zonadearte / getty images / mercury staff

It’s been more than 25 years since Oregon native Rachelle “Shelley” Shannon set fire to abortion clinics in Oregon, Nevada, and California using homemade napalm and fireworks—and then attempted to murder an abortion doctor in Kansas. Shannon, who was called a “terrorist” by a federal judge before he sentenced her to 20 years in prison, has yet to show any remorse for her attacks.

And now, she’s coming home.

On May 21, Shannon was released from a federal prison in Minnesota and en route to the Pacific Northwest. According to information provided by the Federal Bureau of Prisons, Shannon is currently in a Seattle halfway house (or “reentry facility”) until her November 7 release date. Moving to a heavily-monitored halfway house is often the final step in an inmate’s prison sentence—a chance to reintegrate into society. It’s unknown if Shannon will be allowed to leave the facility for job interviews or family events before her official release date.

Regardless, the news of Shannon’s return is making Oregon abortion providers brace themselves for the homecoming of an unapologetic, violent perpetrator—and leaves abortion advocates frustrated by her lenient treatment at the hands of the feds.

“My initial feelings were incredible fear,” says Grayson Dempsey, executive director of NARAL Pro-Choice Oregon.

Shannon, a member of an anti-abortion group called the “Army of God,” was convicted in 1994 by a Kansas court for attempted murder after she had shot Wichita abortion doctor George Tiller in both arms outside of his clinic. A year later, federal investigators successfully linked her to a string of 1992 attacks on abortion clinics in the Northwest, including Portland’s Lovejoy SurgiCenter, a still-active medical center, and clinics in Eugene and Ashland. After her November release, Shannon is expected to return to her hometown of Grants Pass, Oregon.

Dempsey is primarily concerned that Shannon’s release could threaten the safety of those who access and work at abortion clinics across the Northwest. But she’s also worried about the message Shannon’s freedom sends to anti-abortion extremists in the US.

“It speaks to how our society treats these kind of people... like they are rational people defending beliefs, not domestic terrorists,” says Dempsey. “We’ve normalized threats to physicians who provide safe and legal health care. We’re saying we’re not going to treat this kind of violence the way that it should be treated.”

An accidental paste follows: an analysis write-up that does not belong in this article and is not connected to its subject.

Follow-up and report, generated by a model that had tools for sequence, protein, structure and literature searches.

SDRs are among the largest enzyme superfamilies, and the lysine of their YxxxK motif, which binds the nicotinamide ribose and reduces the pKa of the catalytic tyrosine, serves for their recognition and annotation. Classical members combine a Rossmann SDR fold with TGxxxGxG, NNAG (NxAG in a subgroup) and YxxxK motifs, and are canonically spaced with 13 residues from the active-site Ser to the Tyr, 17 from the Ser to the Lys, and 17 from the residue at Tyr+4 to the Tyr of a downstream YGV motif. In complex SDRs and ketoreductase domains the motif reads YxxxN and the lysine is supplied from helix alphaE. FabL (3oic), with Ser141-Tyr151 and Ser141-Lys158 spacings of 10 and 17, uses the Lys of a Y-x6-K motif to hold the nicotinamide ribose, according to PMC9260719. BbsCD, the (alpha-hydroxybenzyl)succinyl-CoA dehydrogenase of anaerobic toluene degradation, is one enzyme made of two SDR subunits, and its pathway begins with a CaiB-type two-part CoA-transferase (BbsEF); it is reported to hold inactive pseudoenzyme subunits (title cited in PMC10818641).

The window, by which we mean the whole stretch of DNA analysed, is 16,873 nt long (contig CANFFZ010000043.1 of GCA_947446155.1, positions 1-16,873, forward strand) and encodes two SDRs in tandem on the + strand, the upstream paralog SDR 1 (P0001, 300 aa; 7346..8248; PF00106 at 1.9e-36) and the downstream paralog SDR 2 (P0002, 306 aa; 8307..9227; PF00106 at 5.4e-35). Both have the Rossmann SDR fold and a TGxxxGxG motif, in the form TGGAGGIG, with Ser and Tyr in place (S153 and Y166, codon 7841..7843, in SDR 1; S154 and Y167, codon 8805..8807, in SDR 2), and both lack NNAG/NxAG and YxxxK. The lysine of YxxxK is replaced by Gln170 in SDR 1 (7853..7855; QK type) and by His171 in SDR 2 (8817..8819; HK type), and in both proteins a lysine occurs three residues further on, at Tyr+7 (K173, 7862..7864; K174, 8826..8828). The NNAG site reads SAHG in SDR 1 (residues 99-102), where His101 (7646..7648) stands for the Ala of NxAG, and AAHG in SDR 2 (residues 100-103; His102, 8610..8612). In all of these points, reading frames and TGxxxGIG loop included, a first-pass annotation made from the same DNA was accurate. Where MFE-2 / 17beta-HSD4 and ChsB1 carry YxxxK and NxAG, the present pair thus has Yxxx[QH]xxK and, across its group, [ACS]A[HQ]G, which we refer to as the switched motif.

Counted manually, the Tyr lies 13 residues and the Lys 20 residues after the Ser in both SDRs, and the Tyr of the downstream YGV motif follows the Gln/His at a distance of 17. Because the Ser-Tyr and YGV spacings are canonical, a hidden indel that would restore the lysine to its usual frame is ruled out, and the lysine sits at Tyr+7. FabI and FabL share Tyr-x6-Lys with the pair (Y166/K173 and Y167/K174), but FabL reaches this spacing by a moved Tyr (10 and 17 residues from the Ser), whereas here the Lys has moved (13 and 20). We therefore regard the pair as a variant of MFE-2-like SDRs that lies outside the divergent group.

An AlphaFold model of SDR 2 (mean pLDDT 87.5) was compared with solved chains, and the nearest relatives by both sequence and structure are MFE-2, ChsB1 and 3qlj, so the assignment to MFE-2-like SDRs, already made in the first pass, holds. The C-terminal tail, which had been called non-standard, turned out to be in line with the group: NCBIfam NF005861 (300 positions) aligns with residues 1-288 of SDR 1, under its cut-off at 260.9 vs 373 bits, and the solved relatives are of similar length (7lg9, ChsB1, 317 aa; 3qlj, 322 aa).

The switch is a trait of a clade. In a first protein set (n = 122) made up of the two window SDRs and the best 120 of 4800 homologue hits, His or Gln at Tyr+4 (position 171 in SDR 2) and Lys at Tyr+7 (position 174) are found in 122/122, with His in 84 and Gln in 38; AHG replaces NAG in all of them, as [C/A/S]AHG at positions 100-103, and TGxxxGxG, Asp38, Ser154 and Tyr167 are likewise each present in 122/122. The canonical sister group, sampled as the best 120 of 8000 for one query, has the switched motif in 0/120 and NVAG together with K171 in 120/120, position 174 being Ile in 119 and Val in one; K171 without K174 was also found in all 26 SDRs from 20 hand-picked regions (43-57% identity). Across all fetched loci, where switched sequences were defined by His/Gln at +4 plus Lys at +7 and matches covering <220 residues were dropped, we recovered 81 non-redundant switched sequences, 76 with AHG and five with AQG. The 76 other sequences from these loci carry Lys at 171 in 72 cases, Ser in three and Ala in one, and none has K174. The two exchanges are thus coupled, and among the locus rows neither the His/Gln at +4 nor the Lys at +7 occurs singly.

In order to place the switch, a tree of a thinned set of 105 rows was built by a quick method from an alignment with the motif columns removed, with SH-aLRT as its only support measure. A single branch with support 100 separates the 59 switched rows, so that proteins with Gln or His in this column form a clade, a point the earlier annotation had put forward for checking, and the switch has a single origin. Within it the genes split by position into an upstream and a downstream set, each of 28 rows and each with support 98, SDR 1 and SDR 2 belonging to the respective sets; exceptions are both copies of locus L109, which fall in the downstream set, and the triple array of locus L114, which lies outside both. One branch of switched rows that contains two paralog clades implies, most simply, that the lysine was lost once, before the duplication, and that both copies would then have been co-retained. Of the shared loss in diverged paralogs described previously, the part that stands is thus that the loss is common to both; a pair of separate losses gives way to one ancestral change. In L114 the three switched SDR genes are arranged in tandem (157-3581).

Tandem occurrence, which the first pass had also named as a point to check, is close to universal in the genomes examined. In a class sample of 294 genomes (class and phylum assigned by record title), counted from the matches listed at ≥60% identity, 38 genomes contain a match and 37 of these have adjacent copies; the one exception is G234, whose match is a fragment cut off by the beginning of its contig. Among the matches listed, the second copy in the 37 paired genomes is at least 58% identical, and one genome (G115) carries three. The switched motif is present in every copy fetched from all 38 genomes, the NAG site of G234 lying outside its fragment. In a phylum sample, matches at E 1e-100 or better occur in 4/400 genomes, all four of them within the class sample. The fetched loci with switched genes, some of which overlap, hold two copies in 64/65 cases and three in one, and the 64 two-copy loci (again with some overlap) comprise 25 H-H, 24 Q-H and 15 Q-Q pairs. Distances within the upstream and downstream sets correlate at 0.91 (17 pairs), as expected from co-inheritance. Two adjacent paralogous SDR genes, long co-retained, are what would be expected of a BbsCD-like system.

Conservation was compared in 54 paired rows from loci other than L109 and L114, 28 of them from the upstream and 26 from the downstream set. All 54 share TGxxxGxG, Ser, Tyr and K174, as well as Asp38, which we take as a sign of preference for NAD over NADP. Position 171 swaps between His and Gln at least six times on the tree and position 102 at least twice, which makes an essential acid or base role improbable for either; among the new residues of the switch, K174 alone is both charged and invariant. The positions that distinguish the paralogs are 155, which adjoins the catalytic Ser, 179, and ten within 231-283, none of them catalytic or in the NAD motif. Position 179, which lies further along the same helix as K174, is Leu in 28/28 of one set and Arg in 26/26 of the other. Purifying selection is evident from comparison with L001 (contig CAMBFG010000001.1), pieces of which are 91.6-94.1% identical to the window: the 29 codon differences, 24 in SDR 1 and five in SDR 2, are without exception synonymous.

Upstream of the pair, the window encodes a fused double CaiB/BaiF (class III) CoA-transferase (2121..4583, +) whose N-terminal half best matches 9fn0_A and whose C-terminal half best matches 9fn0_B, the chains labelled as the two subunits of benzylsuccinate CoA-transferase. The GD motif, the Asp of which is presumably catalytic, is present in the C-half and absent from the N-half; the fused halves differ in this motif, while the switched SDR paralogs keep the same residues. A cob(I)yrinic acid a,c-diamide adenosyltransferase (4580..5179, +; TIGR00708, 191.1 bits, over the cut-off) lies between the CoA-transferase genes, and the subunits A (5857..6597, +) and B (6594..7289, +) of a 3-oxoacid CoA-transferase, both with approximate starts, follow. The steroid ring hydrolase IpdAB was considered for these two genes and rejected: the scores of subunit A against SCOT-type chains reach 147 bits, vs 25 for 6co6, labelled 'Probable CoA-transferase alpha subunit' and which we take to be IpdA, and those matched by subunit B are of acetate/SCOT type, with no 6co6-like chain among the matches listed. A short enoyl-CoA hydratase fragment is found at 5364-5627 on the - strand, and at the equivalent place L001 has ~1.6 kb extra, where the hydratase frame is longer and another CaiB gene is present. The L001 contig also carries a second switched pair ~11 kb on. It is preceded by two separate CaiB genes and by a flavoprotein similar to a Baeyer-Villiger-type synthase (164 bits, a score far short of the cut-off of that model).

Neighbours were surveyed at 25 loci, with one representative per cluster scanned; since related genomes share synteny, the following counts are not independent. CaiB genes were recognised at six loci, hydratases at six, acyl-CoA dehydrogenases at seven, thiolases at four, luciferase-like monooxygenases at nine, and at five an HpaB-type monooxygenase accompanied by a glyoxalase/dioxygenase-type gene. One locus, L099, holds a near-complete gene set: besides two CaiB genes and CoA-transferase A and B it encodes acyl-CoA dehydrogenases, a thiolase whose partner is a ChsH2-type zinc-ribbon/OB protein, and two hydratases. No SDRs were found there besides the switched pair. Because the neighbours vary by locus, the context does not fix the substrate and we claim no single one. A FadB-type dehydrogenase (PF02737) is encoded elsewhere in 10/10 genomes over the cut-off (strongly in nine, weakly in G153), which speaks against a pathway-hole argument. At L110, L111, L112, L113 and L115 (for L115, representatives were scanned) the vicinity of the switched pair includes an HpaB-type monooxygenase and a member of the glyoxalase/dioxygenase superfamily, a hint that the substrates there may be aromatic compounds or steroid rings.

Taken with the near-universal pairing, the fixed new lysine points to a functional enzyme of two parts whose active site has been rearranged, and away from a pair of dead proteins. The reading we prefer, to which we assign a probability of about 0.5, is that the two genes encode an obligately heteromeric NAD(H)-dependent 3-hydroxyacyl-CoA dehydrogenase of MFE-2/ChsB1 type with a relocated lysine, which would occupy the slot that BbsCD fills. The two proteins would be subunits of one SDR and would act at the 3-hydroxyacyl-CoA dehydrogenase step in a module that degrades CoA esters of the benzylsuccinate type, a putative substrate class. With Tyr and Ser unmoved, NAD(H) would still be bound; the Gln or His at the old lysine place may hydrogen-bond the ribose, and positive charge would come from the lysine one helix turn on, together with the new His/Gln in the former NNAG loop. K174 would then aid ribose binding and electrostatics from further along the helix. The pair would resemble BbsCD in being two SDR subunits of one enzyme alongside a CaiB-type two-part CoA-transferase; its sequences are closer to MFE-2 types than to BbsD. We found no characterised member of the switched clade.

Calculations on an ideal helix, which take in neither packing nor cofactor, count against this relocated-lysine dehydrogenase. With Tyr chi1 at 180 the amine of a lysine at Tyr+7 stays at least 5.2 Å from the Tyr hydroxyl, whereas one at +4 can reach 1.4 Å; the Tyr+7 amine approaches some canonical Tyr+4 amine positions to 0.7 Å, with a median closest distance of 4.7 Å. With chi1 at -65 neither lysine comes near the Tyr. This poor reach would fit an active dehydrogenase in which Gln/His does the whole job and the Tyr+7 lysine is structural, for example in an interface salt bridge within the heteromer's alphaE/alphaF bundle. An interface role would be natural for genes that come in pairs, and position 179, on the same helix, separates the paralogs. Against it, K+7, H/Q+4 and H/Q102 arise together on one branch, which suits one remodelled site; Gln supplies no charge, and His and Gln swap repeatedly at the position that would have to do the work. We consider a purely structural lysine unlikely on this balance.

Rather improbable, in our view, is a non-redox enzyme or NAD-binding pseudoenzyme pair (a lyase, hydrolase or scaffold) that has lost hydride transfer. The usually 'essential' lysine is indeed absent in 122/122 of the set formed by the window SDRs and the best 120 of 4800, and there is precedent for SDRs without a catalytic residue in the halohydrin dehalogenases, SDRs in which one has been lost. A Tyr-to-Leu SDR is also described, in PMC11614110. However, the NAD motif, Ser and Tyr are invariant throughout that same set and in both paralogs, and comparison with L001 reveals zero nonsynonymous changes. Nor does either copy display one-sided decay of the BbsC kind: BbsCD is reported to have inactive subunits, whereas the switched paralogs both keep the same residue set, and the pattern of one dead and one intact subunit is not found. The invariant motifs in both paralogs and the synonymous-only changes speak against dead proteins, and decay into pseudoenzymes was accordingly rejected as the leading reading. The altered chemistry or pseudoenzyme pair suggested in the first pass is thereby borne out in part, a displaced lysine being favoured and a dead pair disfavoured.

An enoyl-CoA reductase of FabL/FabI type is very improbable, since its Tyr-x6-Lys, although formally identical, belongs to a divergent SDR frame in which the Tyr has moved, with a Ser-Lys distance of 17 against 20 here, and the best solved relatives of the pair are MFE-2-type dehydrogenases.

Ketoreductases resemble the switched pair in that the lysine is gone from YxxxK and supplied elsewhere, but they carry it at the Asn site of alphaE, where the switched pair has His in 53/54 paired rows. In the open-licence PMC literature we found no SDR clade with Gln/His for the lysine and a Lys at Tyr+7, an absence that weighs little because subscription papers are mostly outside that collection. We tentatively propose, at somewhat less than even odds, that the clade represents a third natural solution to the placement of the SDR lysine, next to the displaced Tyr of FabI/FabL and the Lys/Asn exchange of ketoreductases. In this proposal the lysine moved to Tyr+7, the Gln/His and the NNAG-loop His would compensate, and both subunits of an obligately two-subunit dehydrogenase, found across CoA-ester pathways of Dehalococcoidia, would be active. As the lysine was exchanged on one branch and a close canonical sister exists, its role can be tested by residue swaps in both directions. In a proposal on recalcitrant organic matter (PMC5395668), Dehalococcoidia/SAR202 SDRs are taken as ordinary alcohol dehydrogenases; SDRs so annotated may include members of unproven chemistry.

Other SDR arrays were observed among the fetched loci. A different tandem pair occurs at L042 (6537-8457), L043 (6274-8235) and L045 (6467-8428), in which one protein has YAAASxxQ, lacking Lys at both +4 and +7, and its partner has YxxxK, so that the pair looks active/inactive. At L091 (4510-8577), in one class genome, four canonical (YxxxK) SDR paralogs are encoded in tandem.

Many believe Shannon’s decades behind bars did little to rehabilitate her. While in prison, Shannon continued to advise other Army of God extremists on how to carry out future attacks—like the 2009 murder of Tiller by Scott Roeder. Roeder visited Shannon in prison at least 25 times before fatally shooting Tiller, later telling prosecutors he had admired Shannon’s work.

And after Robert Dear opened fire in a Colorado Springs Planned Parenthood in 2015—killing three and injuring nine—he told investigators that he’d long admired members of the Army of God. The Army of God’s website features tributes to Dear and Shannon, along with others who have been charged with orchestrating attacks at abortion clinics.

“I’m disappointed in the justice system for allowing people to continue terrorism from prison,” says Dempsey, who worked closely with Tiller before his death.

Stephen Peifer, the former assistant US attorney who prosecuted Shannon in 1995, said he never expected prison to change her. He still believes she’s dangerous.

“Prison can’t change people’s minds,” Peifer, who’s now retired, told the Mercury. “I believe she is completely unreformed and unrepentant. I’ve never seen someone so incorrigible.”

In recent weeks, Dempsey has spoken with clinics across the state to make sure they’re aware of the news and are taking appropriate safety precautions. Most are already prepared, thanks to the growing drumbeat of anti-abortion politics and attacks in the US.

“Yes, it’s concerning that [Shannon] has been released, but we’re always aware of threats to safety at our clinics,” said Lisa Gardner, president of Planned Parenthood of Southwestern Oregon.

A May report from the National Abortion Federation found that death threats to abortion providers nearly doubled between 2016 and 2017. Incidents of people trespassing into clinics and the number of people obstructing clinics have nearly tripled.

Oregon’s often seen as the progressive leader in the pro-choice movement and a safe haven for women accessing abortion. But, Dempsey says, Shannon’s release should come as a wake-up call for Oregonians.

“Many people think this matter is largely settled in this state. It is not. Abortion is still an issue that people are attacked over here and everywhere,” Dempsey says. “I hope this is a reminder we can never be complacent in Oregon.”